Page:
## 1. Introduction

In the well-known acoustic text book [

1], an investigation of resonating tube/pipe accounts for the properties of a mechanical driver, which is driven by external excitation (see

Figure 1). The driver has its own mechanical impedance. Thus, the system considers the coupling between a linear spring-mass and an internal cavity with rigid acoustic boundaries. Similar to other structural–acoustic problems, the aforementioned problem does not include the structural nonlinearity and non-rigid acoustic boundary.

In practice, there are many engineering problems with structural acoustics, a few examples being: (1) the sound absorption of a panel absorber backed by an air cavity; (2) the vibration response of an aircraft cabin which is a “tube-like” structure enclosing a cavity; and (3) the noise within a rectangular ventilation duct that is formed by thin metal sheets. In these examples, the structures are usually made of thin metal panels and are easily excited to vibrate nonlinearly, and the boundaries of the cavities are not perfectly rigid or fully open. In fact, there have been many research works about linear structural acoustics (e.g., [

2,

3,

4]) or nonlinear vibrations (e.g., [

5,

6,

7,

8,

9,

10,

11,

12]). However, there are limited works about nonlinear structural–acoustic problems with non-rigid acoustic boundary conditions. This study is a further work of the aforementioned linear structural–acoustic problem in [

1]. Thus, this paper would focus on structural nonlinearity and non-rigid acoustic boundary. Moreover, the multi-level residue harmonic balance method, which was developed by Leung and Guo [

13] in 2011, and then modified by Hansan et al. [

14] in 2013, is employed to solve the nonlinear differential equations, which represent the large-amplitude structural vibration of a flexible panel coupled with a cavity.

Table 1 shows the numbers of algebraic equations generated in the multi-level residue harmonic balance method and the classical harmonic method for a cubic nonlinear undamped beam problem. When compared with the classical harmonic balance method, this harmonic balance method requires less computational effort because it requires solving one nonlinear algebraic equation and one set of linear algebraic equations for obtaining each higher-level solution. The solutions from the proposed method are verified by those from the classical harmonic balance method. Parametric studies are performed, and the effects of structural nonlinearity and acoustic boundary condition on the nonlinear vibration responses are investigated in detail.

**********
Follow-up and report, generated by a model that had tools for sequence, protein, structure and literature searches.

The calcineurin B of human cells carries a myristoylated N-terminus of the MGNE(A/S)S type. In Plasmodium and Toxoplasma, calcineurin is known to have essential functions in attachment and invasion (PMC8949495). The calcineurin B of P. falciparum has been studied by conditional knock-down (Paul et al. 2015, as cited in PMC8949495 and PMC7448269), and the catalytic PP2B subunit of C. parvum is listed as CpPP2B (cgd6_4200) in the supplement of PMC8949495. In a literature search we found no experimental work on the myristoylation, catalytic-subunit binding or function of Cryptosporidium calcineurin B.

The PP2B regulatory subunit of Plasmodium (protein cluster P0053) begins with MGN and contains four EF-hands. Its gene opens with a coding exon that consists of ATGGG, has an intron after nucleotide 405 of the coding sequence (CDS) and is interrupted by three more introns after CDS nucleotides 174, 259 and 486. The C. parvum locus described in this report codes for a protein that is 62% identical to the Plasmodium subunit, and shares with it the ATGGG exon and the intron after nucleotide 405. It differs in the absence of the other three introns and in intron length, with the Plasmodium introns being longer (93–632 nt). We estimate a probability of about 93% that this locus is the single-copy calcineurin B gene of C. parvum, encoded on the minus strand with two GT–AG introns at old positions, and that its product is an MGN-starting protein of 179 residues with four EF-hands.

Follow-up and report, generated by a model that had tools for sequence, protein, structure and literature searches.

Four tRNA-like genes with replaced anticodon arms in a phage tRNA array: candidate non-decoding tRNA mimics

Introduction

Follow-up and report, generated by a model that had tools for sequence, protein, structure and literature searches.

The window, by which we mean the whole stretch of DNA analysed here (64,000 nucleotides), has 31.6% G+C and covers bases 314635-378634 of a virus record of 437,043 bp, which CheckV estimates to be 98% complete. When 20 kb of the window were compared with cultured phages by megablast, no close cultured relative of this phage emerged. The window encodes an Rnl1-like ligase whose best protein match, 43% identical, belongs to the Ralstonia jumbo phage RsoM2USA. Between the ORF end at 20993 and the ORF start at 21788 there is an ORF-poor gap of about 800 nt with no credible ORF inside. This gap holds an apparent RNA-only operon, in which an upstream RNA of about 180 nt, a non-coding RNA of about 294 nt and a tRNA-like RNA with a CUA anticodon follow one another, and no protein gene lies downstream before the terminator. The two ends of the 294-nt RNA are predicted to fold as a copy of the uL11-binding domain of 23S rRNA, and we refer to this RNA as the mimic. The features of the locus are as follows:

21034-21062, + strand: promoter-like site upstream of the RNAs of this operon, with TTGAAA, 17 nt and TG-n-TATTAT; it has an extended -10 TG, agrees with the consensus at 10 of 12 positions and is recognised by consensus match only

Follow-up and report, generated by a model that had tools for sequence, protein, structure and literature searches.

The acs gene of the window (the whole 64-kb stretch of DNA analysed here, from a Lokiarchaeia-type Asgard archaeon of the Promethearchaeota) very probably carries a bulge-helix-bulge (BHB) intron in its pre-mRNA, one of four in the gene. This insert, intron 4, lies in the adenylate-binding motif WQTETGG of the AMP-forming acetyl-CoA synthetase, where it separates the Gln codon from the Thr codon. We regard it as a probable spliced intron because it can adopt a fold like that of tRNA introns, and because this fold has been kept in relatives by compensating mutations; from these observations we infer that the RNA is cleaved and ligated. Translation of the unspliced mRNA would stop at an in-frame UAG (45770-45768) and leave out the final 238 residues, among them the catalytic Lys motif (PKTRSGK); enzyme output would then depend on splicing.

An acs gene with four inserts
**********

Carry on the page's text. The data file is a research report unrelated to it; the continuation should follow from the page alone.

## 2. Theory

Figure 2 shows the general concept of a structural–acoustic model, in which the structural part is in contact with a finite cavity by physical boundaries. The enclosed volume would induce the acoustic resonant behavior, which is normally modeled using the well-known wave equation [

1,

2,

15,

16,

17]. This wave equation has been used in numerous applied science/engineering problems for the past few decades. The structural part in the model usually is a plate or a shell, which is subject to an external force and coupled with the internal acoustic pressure within the cavity. The structural vibration directly affects the magnitude of the acoustic pressure acting on the structure. This is so-called structural–acoustic interaction. In the past, many researchers just focused on particular linear/nonlinear plate modellings (e.g., [

5,

6,

7,

8,

9,

10,

11,

12,

18]) or linear structural–acoustic problems with perfectly rigid acoustic boundaries. In this paper, the focuses include the nonlinear structural–acoustic interaction and non-rigid acoustic boundary.

Figure 3 shows the problem considered in this study. The acoustic pressure within the rectangular tube is obtained from the homogeneous wave equation.

where

P^{h} is the

h-th harmonic component of the acoustic pressure within the cavity;

Ca is the speed of sound.

In

Figure 4, the boundary conditions of the perfectly rigid and fully open cases at

x = 0 and

a;

y = 0 and

b are given by

According to Equations (2a) and (2b), the acoustic pressure mode shapes of the perfectly rigid and fully open cases are given by

where

${\mathsf{\phi}}_{uv}\left(x,y\right)$ is the (

u,v) acoustic mode,

a and

b are the cross-sectional dimensions of the duct, and

u and

v are the acoustic mode numbers.

Hence, the acoustic pressure mode shape of non-rigid case is defined by